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 > Pics or vids of your smart dog

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Bucky Badger

Madison, WI

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Posted: 03/06/12 09:27am Link  |  Print  |  Notify Moderator

Does you dog do smart things? Post a video or pic of your dog doing something smart. What have you tought your dog to do? We have a Shiba Inu that likes to be challenged and looking for Ideas.


Fred & Jodie, dogs, Mika, Keiko and Emma

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WyoTraveler

Northwest, Wyoming

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Posted: 03/06/12 09:40am Link  |  Print  |  Notify Moderator

My border collie is the ranch supervisor. He guides customers to the hay stacks, and guards the bed of our truck when in town. Does that count?


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Sue Bee

NW suburbs of Chicago

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Posted: 03/06/12 10:46am Link  |  Print  |  Notify Moderator

If you have a smart, active dog who needs some stimulation and exercise, I would suggest agility or rally classes. If you have a smart dog that is mellow, but bored, perhaps pet therapy would be up their alley.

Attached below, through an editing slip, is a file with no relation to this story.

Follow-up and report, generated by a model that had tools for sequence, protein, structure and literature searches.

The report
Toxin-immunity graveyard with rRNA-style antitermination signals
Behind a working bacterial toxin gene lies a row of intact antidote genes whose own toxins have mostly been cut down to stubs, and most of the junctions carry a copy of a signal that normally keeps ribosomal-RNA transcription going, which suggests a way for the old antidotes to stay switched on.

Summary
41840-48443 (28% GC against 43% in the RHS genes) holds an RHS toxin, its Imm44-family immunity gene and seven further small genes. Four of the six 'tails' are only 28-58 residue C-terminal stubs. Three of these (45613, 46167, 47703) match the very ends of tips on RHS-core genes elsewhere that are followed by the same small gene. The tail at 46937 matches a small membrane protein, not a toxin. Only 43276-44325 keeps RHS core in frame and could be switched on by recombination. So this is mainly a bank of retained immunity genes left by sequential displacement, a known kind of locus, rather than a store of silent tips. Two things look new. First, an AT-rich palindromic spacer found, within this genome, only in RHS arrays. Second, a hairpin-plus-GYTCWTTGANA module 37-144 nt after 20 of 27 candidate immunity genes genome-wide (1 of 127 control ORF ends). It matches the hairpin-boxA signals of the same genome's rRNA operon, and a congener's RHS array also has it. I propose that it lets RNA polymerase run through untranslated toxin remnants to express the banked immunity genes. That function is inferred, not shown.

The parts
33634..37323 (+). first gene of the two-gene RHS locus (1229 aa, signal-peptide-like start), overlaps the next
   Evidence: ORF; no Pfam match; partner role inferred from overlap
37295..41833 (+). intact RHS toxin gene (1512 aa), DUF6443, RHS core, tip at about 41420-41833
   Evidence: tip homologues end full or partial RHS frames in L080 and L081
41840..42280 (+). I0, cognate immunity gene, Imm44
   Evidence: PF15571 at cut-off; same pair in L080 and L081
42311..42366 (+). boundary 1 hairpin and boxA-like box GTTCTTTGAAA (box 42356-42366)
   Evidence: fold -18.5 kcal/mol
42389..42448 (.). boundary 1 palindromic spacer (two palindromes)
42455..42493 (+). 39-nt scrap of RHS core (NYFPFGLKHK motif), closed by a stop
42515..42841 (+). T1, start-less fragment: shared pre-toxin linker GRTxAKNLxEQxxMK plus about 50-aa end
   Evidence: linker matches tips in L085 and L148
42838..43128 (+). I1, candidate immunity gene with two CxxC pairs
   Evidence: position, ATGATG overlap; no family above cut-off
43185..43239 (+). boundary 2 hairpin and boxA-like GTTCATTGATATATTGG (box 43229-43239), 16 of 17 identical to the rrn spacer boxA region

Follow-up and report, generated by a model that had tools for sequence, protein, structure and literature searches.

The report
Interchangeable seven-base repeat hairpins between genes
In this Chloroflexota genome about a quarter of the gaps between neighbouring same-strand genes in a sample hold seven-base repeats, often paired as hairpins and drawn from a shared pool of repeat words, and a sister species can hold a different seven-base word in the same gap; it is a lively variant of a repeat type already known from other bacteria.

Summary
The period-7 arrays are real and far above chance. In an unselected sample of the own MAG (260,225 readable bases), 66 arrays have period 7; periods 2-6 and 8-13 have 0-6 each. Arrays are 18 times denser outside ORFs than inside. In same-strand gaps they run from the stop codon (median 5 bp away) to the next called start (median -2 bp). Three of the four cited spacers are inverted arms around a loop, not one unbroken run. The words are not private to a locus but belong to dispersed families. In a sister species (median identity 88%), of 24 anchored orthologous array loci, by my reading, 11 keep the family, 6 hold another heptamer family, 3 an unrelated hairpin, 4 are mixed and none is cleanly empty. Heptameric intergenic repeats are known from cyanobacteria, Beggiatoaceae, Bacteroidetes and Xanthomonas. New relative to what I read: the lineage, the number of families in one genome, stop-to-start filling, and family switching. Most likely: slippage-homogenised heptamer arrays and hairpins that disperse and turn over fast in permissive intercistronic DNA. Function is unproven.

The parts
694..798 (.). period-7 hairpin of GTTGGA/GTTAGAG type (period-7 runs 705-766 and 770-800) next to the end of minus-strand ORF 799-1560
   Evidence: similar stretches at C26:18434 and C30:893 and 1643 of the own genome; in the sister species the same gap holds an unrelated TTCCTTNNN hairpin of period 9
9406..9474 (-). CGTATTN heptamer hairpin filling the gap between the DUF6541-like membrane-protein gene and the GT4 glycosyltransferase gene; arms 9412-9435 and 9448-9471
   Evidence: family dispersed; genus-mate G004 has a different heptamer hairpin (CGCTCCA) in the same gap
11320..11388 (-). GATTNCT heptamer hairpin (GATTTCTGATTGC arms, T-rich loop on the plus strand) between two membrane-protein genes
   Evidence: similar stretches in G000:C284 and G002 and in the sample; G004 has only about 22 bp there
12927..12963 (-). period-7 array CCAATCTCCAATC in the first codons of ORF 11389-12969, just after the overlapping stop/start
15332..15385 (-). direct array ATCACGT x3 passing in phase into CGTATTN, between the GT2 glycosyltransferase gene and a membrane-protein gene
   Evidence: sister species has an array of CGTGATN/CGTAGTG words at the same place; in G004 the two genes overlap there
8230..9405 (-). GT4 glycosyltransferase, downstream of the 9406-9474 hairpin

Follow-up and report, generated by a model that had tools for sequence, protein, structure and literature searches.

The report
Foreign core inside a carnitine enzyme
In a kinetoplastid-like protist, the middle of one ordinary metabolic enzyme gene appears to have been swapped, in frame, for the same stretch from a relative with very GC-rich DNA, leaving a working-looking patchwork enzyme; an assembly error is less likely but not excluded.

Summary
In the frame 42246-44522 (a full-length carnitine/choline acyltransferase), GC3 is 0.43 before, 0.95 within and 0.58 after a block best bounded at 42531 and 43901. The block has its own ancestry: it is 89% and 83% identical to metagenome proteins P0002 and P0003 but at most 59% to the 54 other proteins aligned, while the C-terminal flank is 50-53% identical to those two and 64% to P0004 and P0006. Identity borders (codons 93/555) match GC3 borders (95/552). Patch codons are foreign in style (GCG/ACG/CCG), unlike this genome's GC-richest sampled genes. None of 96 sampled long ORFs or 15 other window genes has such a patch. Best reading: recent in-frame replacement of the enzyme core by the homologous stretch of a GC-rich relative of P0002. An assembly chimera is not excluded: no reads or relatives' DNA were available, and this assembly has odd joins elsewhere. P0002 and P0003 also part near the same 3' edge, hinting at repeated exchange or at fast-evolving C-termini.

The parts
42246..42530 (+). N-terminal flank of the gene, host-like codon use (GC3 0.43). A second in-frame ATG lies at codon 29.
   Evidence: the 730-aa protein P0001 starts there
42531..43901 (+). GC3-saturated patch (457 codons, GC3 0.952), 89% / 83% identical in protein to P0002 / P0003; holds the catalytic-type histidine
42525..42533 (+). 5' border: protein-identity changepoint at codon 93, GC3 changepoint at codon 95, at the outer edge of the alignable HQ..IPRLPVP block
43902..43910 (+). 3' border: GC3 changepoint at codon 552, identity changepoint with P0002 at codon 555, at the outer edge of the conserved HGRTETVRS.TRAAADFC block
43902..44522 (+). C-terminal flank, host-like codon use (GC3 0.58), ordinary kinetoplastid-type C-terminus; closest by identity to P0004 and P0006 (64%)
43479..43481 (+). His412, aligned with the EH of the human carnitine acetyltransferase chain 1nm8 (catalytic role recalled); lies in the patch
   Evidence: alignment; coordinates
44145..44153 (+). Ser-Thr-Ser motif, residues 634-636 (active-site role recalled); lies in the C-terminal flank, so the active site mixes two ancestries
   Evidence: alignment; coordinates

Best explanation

Badger Kennel club has some classes, there are others around Madison.


I have two dogs, one of which is very active (well, hyper really is the word, and she is 5 years old). She loves to chase the ball, she could run for hours on end without wearing herself out, and swim endless laps. But she is not very bright, so tricks and agility courses are out for her, as well as therapy because she is just too hyper. She will, however, HURL herself off of any pier or dock to retrieve a ball thrown into the water, regardless of temperature. It is too bad that we didn't get her until she was almost 3, as she would have made an excellent duck or dock dog.

The other dog is a mellow lab, who is quite smart. He is content to chase her while she is chasing the ball, as she is much faster than he is. His only hope is that she over runs the ball, leaving it for him.

BCSnob

Middletown, MD

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Posted: 03/06/12 10:50am Link  |  Print  |  Notify Moderator